Broadway Legend Liza Minnelli Turns 78

‘Life is a cabaret’: Living legend Liza turns 78

Broadway Legend Liza Minnelli Turns 78

Liza Minnelli was born on March 12, 1946, in Los Angeles, California. While her first appearances were with her superstar mother, Judy Garland, Liza Minnelli has been able to step out of her mother’s shadow to establish a substantial career as a performer. In addition to Garland, Liza’s father Vincente Minnelli was also well known in Hollywood for his work as a director. Minnelli made her film debut as a toddler in the musical comedy In the “Good Old Summertime” (1949), which starred her mother and Van Johnson. While she made other appearances in her mother’s concert productions, Minnelli’s career in entertainment did not start in earnest until later. Her parents divorced in 1951 and Minnelli divided her time between her parents. Minnelli had a difficult relationship with her superstar mother over the years as Minnelli tried to care for Garland who suffered from an addiction to pills and from depression. Her father married again and had a daughter, Christiana Nina, with his second wife Georgette Magnani. Minnelli remained close to her father throughout the rest of his life. Minnelli gave up on school and went to New York City to pursue a stage career. She landed a role in the off-Broadway revival of the musical “Best Foot Forward” in 1963, which brought her strong reviews. Around this time, Minnelli also appeared on her mother’s short-lived television series, “The Judy Garland Show”. Minnelli also performed with her mother during Garland’s stint at the Palladium in London and wowed audiences and her mother with her vocal prowess. According to The New York Times, Minnelli said: “It was like Mama suddenly realized I was good.” In her first leading Broadway role, Minnelli appeared as the title character in Flora, “The Red Menace” in 1965. The light musical comedy poked fun at the 1930s communist movement. While it only ran for a few weeks, the musical brought Minnelli a Tony Award for Best Actress in a Musical. She was only 19 at the time, making her one of the youngest performers to ever win the award. Minnelli went on to co-star in the dramatic comedy “Charlie Bubbles” (1967) opposite Albert Finney. Playing an offbeat misfit named Pookie, she received her first Academy Award nomination for Best Actress for her work in the 1969 film “The Sterile Cuckoo”. During the production of her next film, Otto Preminger’s “Tell Me That You Love Me, Junie Moon” (1969), Minnelli suffered a great loss. Her mother died from an accidental drug overdose on June 22, 1969. Two years later, Minnelli landed her greatest film role, playing floundering nightclub singer Sally Bowles in the musical “Cabaret” (1972) the film, directed by Bob Fosse, showcased her singing talents as well as her range as an actress. For her efforts, Minnelli won the Academy Award for Best Actress. The film won eight awards in total, including a Best Supporting Actor award for Joel Grey and Best Director for Fosse. Minnelli’s hot streak continued with the television special, “Liza with a Z”, which was produced by Fred Ebb and Bob Fosse. The show won the Emmy Award for Outstanding Single Program—Variety and Popular Music in 1973. After those great successes, however, Minnelli’s film career hit a rough patch with such flops as “Lucky Lady” (1975) and “A Matter of Time” (1976), which was directed by her father. The musical “New York, New York” (1977) gave her a chance to work with famed director Martin Scorsese and actor Robert De Niro. Despite the stellar cast and crew, the film bombed at the box office and received mostly negative reviews. Again working with Scorsese, Minnelli returned to Broadway in The Act in 1977. She played a washed-up singer trying to revive her musical career. Giving an outstanding performance, Minnelli netted her second Tony Award for Best Actress in a musical. A few years later, she had another success on the big screen with the romantic comedy “Arthur” (1981). By the mid-1980s, Minnelli was ready to tackle her own problems with drugs and alcohol. She went to the Betty Ford Clinic for rehabilitation. In 1986, Minnelli lost her father who died of heart failure. She participated in the critically acclaimed documentary, “Minnelli on Minnelli: Liza Remembers Vincente”, the following year, which received several Emmy Award nominations. Around this time, she teamed up Frank Sinatra and Sammy Davis Jr. for a world tour called “The Ultimate Event”. Her acting career perked up in recent years, with her humorous guest appearances on the series “Arrested Development” in 2004 and 2005 and her role in “Sex and the City 2” (2010). For the most part, however, Minnelli has focused on live performances. Up until recently, she used to give numerous concerts each year around the world.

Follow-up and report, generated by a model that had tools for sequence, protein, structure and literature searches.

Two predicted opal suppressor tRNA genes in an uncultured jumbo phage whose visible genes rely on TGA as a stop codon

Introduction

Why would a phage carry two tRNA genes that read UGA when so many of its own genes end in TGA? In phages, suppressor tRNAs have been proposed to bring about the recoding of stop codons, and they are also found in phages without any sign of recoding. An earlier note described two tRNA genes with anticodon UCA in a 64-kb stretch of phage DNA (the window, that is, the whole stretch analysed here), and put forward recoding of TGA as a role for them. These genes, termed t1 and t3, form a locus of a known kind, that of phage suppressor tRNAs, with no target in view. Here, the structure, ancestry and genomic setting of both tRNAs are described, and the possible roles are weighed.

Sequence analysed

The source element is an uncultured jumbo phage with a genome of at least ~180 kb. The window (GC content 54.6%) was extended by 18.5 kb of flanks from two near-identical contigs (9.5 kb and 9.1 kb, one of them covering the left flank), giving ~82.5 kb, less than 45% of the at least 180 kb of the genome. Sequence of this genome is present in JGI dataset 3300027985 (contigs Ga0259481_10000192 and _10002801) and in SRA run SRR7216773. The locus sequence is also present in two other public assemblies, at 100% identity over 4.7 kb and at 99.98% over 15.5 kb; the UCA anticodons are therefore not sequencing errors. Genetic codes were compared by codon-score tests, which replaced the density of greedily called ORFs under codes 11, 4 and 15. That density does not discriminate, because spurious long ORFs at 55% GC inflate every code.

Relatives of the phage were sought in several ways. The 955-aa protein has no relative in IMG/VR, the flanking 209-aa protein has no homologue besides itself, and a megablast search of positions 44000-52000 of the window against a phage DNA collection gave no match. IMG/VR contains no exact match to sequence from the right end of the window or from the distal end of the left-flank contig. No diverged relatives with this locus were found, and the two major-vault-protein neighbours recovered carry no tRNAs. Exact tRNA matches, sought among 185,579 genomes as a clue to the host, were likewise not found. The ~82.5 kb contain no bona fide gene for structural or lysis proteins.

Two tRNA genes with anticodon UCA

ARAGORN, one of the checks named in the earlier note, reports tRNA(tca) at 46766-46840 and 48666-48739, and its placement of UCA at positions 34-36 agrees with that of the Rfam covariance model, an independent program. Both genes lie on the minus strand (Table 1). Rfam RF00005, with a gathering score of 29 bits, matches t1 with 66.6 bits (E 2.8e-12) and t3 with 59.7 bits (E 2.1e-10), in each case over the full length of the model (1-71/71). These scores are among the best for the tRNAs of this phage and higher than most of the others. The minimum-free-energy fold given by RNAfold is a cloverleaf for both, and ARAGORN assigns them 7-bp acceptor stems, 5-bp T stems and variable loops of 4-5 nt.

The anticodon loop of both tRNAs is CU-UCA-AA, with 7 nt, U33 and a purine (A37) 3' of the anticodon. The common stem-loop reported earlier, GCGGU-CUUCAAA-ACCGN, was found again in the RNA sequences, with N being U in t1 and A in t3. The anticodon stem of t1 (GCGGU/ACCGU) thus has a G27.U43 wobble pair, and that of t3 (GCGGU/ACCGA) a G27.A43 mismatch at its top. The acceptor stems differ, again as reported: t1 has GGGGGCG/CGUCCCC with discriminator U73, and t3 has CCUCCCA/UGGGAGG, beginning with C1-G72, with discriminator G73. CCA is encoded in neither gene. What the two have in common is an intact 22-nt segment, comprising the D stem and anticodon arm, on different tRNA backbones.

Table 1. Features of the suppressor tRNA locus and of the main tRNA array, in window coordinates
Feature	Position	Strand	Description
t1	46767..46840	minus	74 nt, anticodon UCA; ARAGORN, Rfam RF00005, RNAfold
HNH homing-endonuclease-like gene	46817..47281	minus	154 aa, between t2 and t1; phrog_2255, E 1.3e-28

By Ken Warren, 2018

Watch Liza Minnelli sing “NEW YORK, NEW YORK” in 1991

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